Friday, October 14, 2016

Three Excellent Films

Yorkshire Moors 1950  An amateur film about a family visit to Whitby showing the scenery along the way.

watch-staithes-1959   The title says it all - 1956!!

The Children of Eskdale  Filmed in Eskdale in the 1973 of a local farming community.  I remember this being filmed..

Friday, October 7, 2016

Verduice Press

Quite please with this discovery, I reported it to the national park archeology recorder and it turns out to be previously unreported.  This is at the ruined farm, Grange Head SW of Egton Bdge.  There is no public access.

These presses (There are several in the Esk Valley I believe) were used to extract juice from fruit such as apples, etc.,  A large wood beam was wedged against an imovable object such as a tree root and the beam was pressed downwards crushing and squeezing the fruit.  Not clear on this picture but there is a 'run off' channel on the far side of the square groove.  I suspect the stone in the background was a part of the press as there are some remains of fixtures which I wouldn't normally associate with old yats or gate posts.

Saturday, April 30, 2016

Another Whinstone House (Pickering)

This is the  third house I've discovered made from locally sourced basalt/whinstone.  This example and the smallest I've found so far is on the road out of Pickering to Newton-upon-Rawcliffe.  

The other two houses are much bigger - Greytowers mansion in Nunthorpe and Undercliffe Hall

Sunday, September 27, 2015

Cheese Stones, Baysdale

At Baysdale 615050 are a small group of boulders.   These are mentioned by Stanhope White (Standing Stones & Earthworks on the North Yorkshire Moors 1987) who seems to think these are man  made perhaps.  I looked on top of all the boulders and sure enough they are lots.  And on other boulders too.  Frank Elgee an

eminent author does not think these are man made.  Some of these look as though they have suffered much erosion around the edges which cuts into the circular depressions and several are on the top and very precariously it must have been for anyone trying to chip  into the rocks as there is little to no room in some places.  The top picture also shows a cross on one  small boulder.  The lower picture shows another group of depressions taken whilst standing on one of the much higher stones.

I don't know who Maurice H Close 1928 was but have included it in anycase.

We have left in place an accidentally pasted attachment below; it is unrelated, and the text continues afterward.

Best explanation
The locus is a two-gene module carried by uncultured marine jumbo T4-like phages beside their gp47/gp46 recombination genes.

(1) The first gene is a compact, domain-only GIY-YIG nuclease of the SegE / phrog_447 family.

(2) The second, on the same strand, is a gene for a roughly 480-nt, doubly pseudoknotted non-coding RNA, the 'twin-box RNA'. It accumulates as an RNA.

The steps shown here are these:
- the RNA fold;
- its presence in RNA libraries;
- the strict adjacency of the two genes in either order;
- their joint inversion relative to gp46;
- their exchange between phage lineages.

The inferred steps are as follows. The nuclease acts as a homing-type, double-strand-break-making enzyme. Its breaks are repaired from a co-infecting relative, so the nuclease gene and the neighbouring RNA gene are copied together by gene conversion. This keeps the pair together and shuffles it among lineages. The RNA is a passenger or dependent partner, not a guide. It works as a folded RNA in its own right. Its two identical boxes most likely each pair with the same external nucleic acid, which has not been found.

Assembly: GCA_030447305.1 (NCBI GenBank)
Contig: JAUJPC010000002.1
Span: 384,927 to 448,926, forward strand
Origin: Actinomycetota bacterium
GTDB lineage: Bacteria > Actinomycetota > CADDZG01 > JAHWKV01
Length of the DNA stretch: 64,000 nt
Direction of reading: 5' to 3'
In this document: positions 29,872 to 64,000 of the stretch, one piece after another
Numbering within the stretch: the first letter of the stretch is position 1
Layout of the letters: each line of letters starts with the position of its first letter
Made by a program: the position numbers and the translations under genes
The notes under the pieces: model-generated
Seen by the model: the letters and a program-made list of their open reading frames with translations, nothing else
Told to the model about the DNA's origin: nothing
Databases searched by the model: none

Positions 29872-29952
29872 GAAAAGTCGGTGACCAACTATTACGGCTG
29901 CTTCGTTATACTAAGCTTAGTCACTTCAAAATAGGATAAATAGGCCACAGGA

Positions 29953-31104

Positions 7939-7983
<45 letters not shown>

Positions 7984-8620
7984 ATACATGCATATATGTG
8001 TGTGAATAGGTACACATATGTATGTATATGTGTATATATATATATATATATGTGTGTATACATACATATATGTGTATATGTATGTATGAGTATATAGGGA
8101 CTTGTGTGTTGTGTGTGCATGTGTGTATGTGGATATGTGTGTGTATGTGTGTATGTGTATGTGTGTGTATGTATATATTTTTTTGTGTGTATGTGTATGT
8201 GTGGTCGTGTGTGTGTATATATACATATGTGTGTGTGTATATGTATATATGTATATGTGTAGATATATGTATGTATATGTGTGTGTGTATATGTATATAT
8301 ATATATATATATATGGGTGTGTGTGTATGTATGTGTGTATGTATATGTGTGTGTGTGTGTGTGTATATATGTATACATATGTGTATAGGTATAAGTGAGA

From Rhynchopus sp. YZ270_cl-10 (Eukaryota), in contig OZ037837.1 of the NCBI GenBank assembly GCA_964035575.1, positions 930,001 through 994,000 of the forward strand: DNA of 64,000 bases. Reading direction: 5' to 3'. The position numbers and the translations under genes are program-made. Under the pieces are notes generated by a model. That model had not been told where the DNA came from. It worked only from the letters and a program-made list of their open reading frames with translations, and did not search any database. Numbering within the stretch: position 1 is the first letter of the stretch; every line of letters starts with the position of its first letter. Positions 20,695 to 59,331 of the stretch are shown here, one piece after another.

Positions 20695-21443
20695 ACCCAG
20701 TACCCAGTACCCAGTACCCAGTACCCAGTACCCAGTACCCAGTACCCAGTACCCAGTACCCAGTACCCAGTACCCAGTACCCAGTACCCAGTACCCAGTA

Saturday, September 26, 2015

Invaders From......

.... Paddling down the R.Tees near Newsham we came across this tropical rain forest.  Alas, it consists of mainly three introduced species and non of them from the tropics

Giant Hogweed, from Southern Russian/Caucasus
Japanese Knotweed, from errrr??? Japan!
Himalayan Balsam, from ????  Oh, yes - the Himalayan mountains.

All three species spread easily down rivers and in some areas, such as this on the Tees forms dense stands eliminating all native species.

Monday, August 17, 2015

Inscribed Rocks on the Moors

There are many inscribed stones within the NYMNP.  Many are well known and recorded by Stanhope White and others.  Some record roads being built, others boundaries.  This one near the south end of Jugger Howe Beck is enscribed:-  

"Oct 1948  This day we pledged our troth". 

I wonder who this was and whether they ever got married.  Its entirely possible that one or both of them are still alive.  Perhaps the lettering lower down records the day they actually got married?  Who knows?

Sunday, March 8, 2015

Another Whinstone house, Undercliffe Hall, Great Ayton

 Grey Towers  is one house I know of which is built from basalt or whinstone as its known locally.  Another house is Undercliffe Hall, just outside Great Ayton.

This large victorian house was built by William Jones in 1873 who owned the first chemical plant on Teesside.

Like Grey Towers all the stone around the windows and the quoin stones are all of local sandstone.  The remainder is all local basalt which in this case only came from the quarries less than a mile away.

I also noticed some of the entrance gate contained some basalt and it may be that some of the gatehouse is also basalt judging by the size of the stonework.  Unfortunately for me the gate house is now painted white. So I can't be sure!

In Pickering for the war weekend I noticed a cottage, appropriately called Whinstone Cottage, which was also constructed of the small blocks of basalt.  It is opposite the old mill on the road by the trout farm.

If anyone knows of any other buildings built out of this black hard stone, contact me please.